Whether or not the service provider is alerted, the IVR 100 can be programmed to proceed to step 208 to determine if a redirection criterion has been satisfied. In this illustration, the redirection criterion is illustrated as a threshold for identifying chronic callers. The threshold can be established using Boolean logic for detecting any number of events such as, for example, a threshold of involuntary terminations, and/or a threshold of voluntary terminations, and/or a threshold of calls within a defined period of time. If the caller is not a chronic caller (because none of the foregoing thresholds have been crossed), the IVR 100 repeats the monitoring step 202. If, on the other hand, the caller is identified as a chronic caller after triggering one or more of the aforementioned Boolean thresholds, the IVR 100 proceeds to step 210 where the caller is redirected to special services of the service provider. It should be evident to those skilled in the art that there is any number of logical choices for redirection criterions to address chronic callers. Step 210 is simply illustrative of one of many arrangements that the service provider can choose in accordance with the present disclosure.
As illustrated in step 210, special services can include, for example, a choice of blocking specific callers from further access to the IVR 100, redirecting said callers to service agents of the service provider trained to address chronic callers, or a call flow menu of the IVR 100 that address chronic calls. As noted earlier, there are numerous other redirection techniques not addressed in the present disclosure. Thus, in a first embodiment of step 210, when a chronic caller is identified in step 208, a determination can be made in step 212 whether the caller should be blocked from further access to the IVR 100. The filter criterion for blocking calls can be based on, for example, logic that identifies the aggressive nature of the caller and/or whether the caller's behavior is more conducive to harassment than an honorable attempt to request services for specific needs. The logic can search, for instance, the closeness in time between calls, whether the calls were voluntarily terminated, whether the caller was choosing a call flow in the IVR 100 erratically, and so on. The service provider can thus choose a set of criterion using any suitable logic therefor to identify callers who are or may be attempting to interrupt services of the IVR 100.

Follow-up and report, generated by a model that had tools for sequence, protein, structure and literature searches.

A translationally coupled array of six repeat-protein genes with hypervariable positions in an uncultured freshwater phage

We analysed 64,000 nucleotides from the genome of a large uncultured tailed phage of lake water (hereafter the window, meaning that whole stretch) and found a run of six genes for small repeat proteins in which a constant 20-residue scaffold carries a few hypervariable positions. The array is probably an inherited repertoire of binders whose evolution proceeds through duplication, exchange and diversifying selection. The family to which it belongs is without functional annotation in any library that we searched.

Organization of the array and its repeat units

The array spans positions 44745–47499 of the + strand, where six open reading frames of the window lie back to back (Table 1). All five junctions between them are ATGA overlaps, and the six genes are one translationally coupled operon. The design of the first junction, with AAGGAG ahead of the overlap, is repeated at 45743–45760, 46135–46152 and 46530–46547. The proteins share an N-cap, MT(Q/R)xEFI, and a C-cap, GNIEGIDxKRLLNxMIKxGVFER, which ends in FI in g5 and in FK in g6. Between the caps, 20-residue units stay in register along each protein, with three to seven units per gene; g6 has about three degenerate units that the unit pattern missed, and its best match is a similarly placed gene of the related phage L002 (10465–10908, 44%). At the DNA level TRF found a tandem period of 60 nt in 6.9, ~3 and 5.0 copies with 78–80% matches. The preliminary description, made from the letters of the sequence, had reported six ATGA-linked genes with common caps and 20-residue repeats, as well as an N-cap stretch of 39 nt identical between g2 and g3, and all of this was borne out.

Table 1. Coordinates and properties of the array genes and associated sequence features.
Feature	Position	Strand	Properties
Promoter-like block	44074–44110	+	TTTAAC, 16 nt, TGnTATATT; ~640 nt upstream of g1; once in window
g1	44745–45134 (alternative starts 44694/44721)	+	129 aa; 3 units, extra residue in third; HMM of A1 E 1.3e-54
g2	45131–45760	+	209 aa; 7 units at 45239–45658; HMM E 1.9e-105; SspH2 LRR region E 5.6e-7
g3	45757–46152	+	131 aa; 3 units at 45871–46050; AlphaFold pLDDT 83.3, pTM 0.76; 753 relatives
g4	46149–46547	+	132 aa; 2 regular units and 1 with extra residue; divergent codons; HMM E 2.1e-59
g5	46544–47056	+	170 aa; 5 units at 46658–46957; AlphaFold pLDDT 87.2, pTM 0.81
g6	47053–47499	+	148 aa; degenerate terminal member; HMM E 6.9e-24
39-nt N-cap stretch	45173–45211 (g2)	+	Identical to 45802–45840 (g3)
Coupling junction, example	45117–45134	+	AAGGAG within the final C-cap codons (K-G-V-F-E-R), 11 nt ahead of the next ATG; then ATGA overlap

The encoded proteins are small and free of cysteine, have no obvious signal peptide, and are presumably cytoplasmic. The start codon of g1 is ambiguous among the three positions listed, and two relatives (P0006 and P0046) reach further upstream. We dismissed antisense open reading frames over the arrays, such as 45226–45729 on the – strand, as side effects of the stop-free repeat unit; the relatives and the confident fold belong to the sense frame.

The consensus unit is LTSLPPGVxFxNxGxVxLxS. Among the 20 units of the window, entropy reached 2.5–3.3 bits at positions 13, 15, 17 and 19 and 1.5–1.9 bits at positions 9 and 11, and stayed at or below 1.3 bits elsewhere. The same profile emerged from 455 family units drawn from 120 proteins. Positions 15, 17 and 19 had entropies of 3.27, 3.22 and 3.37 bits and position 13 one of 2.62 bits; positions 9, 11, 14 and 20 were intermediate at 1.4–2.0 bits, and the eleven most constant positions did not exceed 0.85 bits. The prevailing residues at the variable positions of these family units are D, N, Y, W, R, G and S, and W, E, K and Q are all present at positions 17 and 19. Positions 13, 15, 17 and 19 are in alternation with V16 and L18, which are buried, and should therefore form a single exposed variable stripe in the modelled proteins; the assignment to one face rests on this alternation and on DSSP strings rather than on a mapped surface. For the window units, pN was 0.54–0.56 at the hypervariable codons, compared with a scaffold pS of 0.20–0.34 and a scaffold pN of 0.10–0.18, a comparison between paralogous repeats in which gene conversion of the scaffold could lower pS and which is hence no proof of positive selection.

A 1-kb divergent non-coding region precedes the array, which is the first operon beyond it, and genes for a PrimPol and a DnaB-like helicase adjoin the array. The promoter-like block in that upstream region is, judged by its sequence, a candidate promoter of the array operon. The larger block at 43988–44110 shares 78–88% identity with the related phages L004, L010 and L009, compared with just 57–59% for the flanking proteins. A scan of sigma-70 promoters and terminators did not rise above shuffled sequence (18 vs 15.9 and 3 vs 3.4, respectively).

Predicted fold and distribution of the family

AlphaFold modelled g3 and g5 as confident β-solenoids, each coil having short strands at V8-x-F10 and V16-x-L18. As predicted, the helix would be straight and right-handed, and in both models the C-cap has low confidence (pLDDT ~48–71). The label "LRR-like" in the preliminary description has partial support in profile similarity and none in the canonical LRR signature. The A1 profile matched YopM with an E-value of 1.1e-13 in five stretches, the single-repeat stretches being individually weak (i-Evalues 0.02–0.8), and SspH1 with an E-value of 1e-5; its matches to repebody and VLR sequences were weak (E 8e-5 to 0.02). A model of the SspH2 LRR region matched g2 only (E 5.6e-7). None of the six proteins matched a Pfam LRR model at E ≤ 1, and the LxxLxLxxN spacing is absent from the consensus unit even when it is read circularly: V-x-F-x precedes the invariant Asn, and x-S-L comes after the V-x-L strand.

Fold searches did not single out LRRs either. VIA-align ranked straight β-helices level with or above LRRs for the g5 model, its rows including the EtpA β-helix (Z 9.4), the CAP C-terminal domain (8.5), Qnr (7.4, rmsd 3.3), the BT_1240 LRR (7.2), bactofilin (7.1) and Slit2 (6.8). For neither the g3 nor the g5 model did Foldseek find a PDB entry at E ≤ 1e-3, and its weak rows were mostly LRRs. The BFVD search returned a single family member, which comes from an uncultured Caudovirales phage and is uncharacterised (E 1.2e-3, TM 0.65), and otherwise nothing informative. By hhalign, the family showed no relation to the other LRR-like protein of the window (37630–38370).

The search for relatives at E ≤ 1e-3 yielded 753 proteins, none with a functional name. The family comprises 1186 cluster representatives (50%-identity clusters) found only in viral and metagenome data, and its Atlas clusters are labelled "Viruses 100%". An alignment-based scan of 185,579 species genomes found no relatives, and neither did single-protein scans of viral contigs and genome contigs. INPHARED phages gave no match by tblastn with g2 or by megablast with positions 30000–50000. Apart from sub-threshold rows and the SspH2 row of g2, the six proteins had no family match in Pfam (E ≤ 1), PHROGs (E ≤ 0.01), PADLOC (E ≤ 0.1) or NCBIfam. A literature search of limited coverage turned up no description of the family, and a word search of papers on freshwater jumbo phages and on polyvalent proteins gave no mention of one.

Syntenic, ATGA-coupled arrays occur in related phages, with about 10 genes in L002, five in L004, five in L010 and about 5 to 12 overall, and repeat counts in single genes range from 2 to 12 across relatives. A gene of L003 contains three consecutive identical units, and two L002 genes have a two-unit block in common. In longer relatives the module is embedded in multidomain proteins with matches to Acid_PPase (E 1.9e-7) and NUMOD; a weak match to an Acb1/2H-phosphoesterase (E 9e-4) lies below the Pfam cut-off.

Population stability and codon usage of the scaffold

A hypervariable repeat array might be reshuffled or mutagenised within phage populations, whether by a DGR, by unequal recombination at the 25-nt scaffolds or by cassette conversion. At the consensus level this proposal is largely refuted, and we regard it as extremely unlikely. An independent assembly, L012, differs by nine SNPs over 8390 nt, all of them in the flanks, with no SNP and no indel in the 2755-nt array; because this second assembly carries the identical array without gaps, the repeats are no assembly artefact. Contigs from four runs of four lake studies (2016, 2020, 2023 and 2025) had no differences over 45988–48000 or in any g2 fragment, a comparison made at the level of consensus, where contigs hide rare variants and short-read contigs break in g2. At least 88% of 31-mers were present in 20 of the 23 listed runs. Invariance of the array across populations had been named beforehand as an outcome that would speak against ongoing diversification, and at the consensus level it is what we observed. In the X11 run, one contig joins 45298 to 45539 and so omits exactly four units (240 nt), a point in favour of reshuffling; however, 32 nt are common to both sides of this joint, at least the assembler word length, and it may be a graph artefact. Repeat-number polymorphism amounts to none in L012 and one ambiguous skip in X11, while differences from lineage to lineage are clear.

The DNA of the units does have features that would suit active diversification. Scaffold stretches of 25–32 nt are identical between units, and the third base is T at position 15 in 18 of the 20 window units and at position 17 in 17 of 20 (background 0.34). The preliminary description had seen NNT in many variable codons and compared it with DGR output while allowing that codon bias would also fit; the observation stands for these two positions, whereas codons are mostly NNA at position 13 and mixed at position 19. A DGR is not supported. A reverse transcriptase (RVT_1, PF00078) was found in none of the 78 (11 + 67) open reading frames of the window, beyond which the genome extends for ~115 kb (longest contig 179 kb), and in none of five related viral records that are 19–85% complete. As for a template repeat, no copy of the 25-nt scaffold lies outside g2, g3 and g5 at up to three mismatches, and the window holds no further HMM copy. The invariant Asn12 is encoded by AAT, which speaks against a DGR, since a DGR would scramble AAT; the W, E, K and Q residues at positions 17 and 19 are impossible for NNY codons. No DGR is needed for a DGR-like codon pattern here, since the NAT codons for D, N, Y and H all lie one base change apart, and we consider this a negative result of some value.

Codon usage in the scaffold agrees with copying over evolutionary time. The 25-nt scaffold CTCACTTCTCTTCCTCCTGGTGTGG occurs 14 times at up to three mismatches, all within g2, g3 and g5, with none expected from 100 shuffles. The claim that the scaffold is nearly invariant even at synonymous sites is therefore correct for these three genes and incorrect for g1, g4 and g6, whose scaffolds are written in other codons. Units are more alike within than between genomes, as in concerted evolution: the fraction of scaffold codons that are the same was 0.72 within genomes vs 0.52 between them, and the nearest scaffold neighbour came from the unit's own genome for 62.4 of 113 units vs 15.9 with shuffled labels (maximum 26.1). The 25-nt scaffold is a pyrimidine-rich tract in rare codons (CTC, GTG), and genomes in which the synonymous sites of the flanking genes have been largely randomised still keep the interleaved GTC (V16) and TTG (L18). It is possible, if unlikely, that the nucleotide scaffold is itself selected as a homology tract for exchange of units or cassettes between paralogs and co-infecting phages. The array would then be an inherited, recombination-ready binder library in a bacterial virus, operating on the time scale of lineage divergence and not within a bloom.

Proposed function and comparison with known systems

If the criterion is satisfied in step 212, the IVR 100 proceeds to step 214 where it blocks one or more callers from further access to the IVR 100. The blocking period can be indefinite or for a small, medium or large finite period (e.g., 1 hour, 2 hours, 24 hours) depending on the caller's historical misuse of the IVR 100. Call blocking can be accomplished by way of caller ID blocking or other conventional blocking means in existence or discovered in the future. The caller can also be notified in step 215 of the blocking status. This notification can include any information that the service provider deems appropriate. For example, the notification can state that the caller has been blocked from further access due to the frequency of calls and eradicate nature of his or her access. To not offend the caller who may be an important customer, the IVR 100 can communicate the blocking status to the caller with instructions on how to remedy the restriction. The instructions, for example, could direct the caller to a website where s/he can explain the nature of the erratic calls, and request removal of the block. Alternatively, the IVR 100 can instruct the caller to call a toll free number, which directs the caller to special service agents who can address chronic callers (such as in steps 220 and 222).
If, on the other hand, the caller is not blocked in step 212, the IVR 100 can in a first embodiment direct the caller to step 219 where a special services menu is presented to the caller, or in a second embodiment direct the caller to a human agent in steps 220 and 222. A special services menu 219 can be a number of call flow steps programmed in the IVR 100 in which the caller is queried as to nature of her behavior. Said queries can ask the caller whether s/he is having trouble with the call center, whether s/he is frustrated due to the waiting period, whether s/he is frustrated with the services being provided, whether s/he is confused with the call flows, and so on. Obviously, a number of inquiries can be invoked to establish a rationale for the caller's anomalous behavior. The caller can also be informed that s/he must be patient or will be subject to a caller block for a period of time. From step 219, the IVR 100 can either direct the caller to steps 220 and 222 for further processing by a service agent, or allow the caller continued use of the IVR 100 if the answers provided to the inquiries were reasonable (i.e., within acceptable parameters set by the service provider).